Many are familiar with the three Cs of underwriting: Capital – does the contractor have the financial wherewithal to carry a project and overall work program to completion? Can the contractor carry multiple holdbacks and absorb losses on a project? Due to many factors including productivity, unforeseen work conditions and subtrades, not all projects make money. Capacity – does the contractor have the experience, management systems, equipment and overall resources in place to successfully complete their backlog? And finally, Character – is the operation run fairly and with integrity? Will the owners and other management identify actual or potential problems and communicate these to the surety?

A fourth C which is related to character is communication. At a minimum, annual meetings, albeit virtual at this time, should be taking place. No underwriter can obtain a satisfactory comfort level with the contractor’s operation and character without them. This is especially true in a stretch situation. Suretys want to set up a programme that will meet the contractor’s needs. The last thing they like are surprises and last-minute requests that are not within normal parameters either with respect to job size, location or scope.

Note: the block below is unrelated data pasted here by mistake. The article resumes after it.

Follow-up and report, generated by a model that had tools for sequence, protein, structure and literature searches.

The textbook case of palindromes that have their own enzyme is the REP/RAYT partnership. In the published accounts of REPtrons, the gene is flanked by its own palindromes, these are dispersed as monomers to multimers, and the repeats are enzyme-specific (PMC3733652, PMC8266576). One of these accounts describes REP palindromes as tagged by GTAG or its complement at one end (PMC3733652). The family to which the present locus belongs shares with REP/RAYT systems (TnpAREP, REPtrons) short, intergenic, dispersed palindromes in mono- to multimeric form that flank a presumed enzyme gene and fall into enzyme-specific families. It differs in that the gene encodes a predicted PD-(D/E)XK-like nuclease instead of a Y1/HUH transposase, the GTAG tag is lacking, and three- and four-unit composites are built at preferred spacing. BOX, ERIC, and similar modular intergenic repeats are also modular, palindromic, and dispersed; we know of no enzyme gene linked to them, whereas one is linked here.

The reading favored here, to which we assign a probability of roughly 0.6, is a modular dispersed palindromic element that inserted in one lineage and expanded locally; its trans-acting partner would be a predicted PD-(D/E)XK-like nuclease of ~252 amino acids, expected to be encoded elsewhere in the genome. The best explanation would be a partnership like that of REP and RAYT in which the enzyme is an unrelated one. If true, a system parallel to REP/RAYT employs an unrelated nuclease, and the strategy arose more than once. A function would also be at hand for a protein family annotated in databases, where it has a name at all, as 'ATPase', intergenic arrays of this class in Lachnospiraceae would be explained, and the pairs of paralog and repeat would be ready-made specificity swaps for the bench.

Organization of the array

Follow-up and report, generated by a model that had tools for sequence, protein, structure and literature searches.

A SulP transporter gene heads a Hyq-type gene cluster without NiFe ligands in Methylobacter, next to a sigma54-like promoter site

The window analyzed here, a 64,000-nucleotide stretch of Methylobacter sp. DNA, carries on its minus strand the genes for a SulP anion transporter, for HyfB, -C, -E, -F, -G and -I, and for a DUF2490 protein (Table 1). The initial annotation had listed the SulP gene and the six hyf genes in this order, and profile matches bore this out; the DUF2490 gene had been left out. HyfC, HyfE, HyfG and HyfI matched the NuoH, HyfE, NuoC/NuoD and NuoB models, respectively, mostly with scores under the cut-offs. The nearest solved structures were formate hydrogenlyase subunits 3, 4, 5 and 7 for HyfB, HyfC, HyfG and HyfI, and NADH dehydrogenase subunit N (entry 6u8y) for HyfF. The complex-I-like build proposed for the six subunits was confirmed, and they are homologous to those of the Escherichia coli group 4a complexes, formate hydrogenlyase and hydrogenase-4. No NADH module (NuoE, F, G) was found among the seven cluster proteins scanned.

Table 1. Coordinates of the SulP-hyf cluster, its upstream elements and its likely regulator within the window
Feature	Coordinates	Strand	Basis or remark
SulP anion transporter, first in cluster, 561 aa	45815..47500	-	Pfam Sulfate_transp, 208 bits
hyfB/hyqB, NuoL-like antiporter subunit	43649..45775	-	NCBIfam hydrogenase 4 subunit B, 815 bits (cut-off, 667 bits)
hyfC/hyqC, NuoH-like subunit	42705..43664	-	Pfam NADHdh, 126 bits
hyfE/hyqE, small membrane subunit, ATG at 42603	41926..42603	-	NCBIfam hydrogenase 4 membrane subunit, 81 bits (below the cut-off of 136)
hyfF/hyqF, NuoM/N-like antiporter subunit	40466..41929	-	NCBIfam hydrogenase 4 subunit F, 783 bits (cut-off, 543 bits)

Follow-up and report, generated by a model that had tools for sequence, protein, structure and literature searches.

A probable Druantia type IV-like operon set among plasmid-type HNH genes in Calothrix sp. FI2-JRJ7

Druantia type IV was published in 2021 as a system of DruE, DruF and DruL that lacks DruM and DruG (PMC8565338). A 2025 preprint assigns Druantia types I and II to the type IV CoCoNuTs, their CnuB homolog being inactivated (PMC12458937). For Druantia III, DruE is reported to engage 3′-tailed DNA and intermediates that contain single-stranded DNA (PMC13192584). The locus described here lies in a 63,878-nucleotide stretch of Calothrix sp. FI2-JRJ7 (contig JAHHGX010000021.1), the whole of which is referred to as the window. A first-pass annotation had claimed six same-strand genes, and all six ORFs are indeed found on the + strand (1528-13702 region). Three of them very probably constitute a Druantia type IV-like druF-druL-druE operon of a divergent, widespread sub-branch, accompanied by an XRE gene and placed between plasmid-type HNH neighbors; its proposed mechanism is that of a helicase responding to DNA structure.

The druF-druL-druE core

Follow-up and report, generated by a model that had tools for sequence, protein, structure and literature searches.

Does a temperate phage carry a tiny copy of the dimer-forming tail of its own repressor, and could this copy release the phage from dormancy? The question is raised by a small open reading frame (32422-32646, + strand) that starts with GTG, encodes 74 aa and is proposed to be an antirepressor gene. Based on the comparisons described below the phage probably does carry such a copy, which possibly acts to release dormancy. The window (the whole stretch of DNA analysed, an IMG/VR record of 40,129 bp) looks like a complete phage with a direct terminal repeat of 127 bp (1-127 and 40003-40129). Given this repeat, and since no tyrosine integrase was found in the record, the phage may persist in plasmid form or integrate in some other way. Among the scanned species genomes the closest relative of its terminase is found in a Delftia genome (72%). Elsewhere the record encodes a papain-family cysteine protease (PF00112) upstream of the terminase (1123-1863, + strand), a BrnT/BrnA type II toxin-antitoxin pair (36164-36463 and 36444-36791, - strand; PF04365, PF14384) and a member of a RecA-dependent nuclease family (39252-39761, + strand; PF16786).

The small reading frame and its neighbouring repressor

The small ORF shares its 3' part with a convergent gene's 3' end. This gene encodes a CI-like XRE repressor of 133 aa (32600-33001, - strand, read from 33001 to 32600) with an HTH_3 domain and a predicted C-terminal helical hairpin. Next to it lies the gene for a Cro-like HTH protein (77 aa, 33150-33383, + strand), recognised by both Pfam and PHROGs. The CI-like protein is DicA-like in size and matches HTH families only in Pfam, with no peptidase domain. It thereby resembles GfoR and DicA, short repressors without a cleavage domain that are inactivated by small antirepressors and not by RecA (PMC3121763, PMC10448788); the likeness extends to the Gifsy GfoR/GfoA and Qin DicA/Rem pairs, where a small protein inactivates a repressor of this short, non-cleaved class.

As noted above, while remaining profitable, the industry is tightening, and any contractor can now expect additional new questions and to provide more details. While not limited, these will include:

  • What federal and provincial relief programs have you availed yourself of if any?
  • Is there a COVID-19 strategy and business plan in place? Are there safety protocols in place with respect to both the field and office?
  • Capital levels and contingency plans. Are you reducing overhead, furloughing or laying off employees?
  • Banking relationships, operating facilities, margin requirements and covenants – have these been stressed tested to determine operational parameters and additional funding needs. Assess overall relationship with credit providers.